How to Make a Christmas Lantern or Parol Using Recyclable Materials
Christmas lanterns or Parol are very popular in the Philippines. They are usually star-shaped lanterns with different sizes and shapes, embellished with whatever makes them standout. Some use plain Japanese paper, cellophane paper, crepe paper, capiz shells, plastic or glass, Some have lights inside them and it's so pretty to look at the dancing lights at night.
I like the Parol because it reminds me of hope. Just like when the shepherds and the magi followed the star of Bethlehem with the hope that they will see the King. Jesus is indeed the hope of all for he is the Savior, the one who came to save all men from sin. For the Filipinos, the Parol also somehow symbolizes hope. Even when the country has been through a lot of disasters, run down by strong typhoons in the past weeks or months, still you will see that lighted Christmas lantern hanging on the window come December or even sooner.
This is a lens on how to make a very simple Christmas lantern using recycled materials. It's actually a project of my son in school. Not only is it economical, it's also environment-friendly as it recycles plastic bottles, colorful magazines and plastic foil wrappers. If not using plastic bottles, other recyclable materials can also be used like tissue rolls and aluminum cans. I hope you would enjoy making this project together with your kids.
- Plastic bottle of Yakult or small yogurt drink
- glue gun and glue stick
- liquid glue
- adhesive transparent tape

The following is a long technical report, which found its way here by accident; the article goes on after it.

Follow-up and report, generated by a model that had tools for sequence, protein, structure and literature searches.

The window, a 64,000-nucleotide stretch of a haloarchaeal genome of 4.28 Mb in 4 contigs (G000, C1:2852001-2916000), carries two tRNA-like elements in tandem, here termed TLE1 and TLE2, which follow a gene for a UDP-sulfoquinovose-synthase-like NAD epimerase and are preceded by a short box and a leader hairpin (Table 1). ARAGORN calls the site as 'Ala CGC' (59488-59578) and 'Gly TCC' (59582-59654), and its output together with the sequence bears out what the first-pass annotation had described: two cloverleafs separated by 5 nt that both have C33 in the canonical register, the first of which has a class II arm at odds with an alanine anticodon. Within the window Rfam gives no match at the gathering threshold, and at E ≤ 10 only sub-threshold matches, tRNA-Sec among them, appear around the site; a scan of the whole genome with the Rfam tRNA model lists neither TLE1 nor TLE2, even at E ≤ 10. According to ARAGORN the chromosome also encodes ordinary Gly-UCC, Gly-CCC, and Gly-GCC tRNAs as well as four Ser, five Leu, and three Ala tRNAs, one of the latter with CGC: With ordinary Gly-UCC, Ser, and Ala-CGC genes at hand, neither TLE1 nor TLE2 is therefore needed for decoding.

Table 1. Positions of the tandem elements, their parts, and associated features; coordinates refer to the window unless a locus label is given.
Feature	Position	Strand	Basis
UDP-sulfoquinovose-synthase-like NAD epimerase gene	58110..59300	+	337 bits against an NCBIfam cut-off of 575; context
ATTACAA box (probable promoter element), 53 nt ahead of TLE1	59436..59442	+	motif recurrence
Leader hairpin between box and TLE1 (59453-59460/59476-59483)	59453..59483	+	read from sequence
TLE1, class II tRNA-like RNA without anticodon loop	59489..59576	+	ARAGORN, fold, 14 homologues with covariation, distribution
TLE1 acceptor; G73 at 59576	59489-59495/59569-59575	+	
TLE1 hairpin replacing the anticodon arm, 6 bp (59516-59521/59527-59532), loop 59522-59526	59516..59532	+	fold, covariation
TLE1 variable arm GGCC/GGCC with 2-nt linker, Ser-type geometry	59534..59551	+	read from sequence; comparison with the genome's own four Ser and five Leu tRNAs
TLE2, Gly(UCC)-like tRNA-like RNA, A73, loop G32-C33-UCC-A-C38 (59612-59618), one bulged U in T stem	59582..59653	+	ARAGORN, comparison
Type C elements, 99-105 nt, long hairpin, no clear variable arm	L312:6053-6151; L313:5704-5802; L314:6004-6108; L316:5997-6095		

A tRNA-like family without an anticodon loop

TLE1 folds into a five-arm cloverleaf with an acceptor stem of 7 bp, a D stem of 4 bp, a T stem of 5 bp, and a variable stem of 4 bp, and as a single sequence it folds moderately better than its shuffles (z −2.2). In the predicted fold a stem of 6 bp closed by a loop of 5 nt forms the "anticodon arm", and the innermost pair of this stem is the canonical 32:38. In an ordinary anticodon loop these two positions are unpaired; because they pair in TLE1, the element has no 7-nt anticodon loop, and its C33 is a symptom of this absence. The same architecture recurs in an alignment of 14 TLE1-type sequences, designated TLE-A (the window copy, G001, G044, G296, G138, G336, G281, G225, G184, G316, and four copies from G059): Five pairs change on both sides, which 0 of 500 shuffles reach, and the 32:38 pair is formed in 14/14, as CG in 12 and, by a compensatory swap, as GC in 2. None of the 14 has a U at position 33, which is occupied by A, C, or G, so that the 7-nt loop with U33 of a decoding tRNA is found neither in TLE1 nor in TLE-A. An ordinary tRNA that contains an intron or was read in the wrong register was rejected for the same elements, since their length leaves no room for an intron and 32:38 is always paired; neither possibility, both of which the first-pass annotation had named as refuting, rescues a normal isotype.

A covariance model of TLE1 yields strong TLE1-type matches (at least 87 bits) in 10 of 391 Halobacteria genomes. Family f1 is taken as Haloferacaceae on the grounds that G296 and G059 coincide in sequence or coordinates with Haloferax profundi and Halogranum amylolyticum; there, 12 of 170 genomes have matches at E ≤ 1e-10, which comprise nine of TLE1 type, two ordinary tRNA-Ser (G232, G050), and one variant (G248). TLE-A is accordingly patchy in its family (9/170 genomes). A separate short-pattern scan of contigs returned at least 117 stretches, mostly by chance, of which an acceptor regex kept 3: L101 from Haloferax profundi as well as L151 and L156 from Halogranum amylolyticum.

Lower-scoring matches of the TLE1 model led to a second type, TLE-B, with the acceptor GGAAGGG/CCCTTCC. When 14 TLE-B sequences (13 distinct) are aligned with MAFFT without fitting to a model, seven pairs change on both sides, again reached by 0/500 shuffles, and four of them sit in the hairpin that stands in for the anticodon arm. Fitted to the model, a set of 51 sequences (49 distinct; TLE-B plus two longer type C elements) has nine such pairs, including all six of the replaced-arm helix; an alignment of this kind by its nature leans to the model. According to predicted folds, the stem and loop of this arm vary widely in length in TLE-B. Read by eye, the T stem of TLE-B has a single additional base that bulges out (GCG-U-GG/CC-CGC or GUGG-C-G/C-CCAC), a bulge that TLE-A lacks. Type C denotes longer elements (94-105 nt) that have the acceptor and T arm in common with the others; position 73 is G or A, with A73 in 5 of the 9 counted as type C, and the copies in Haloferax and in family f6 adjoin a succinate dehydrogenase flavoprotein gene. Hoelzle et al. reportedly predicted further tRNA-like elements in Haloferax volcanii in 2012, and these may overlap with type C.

- assorted colored paper or colorful magazines or used Christmas gift wrapper
- yellow cellophane
- gold or silver laminated paper
- gold or silver foil paper (plastic foil wrapper of milk or chips can be used also)
- Arrange the plastic bottles first on the table so that you form a six-pointed star. Then, using the glue gun and glue stick, glue the pieces together. Make sure that they hold together.
- Cut out circles from the colored paper, magazine or holiday paper. Make circles double the number of the bottles used in the star. Then, glue each circle to the bottle's top and bottom end. If you can think of other appropriate designs, then do it by all means. Just be creative.
- Put glue on top or on the sides of the circles, then lay on top of the star a big piece of yellow cellophane. Make sure that it covers the whole star and that there are no wrinkles. Do this on the bottom side as well. Let it dry.
- When the cellophane is dry, you can now cut out the excess cellophane. Cut it about 1 cm from the edges of the star. Then fold down the cellophane along the edges and glue it to the sides. Be sure to cut a diagonal slit on the cellophane where there's an inward corner or curve so that you can fold it nicely without it tearing.
- Get the gold or silver paper and cut it lengthwise. The width should be as tall as the bottles you used. Then, put glue on the bottle from top to bottom and stick the paper on it. Go all the way around the edge of the star.
- Lastly, use either the gold or silver foil paper or both if you wish to make tails for the star. Cut the paper with a dimension of 5 inches by 15 inches (or whatever length you like). Then cut into 1/2 inch strips lengthwise but leave a 1/2 inch on top uncut. Then, fold the paper lengthwise according to the width of the strips and secure together with an adhesive tape. Make 3 of these tails and stick one each to the 3 lower points of the star.
Another Example of Christmas Lantern Using Recycled Material
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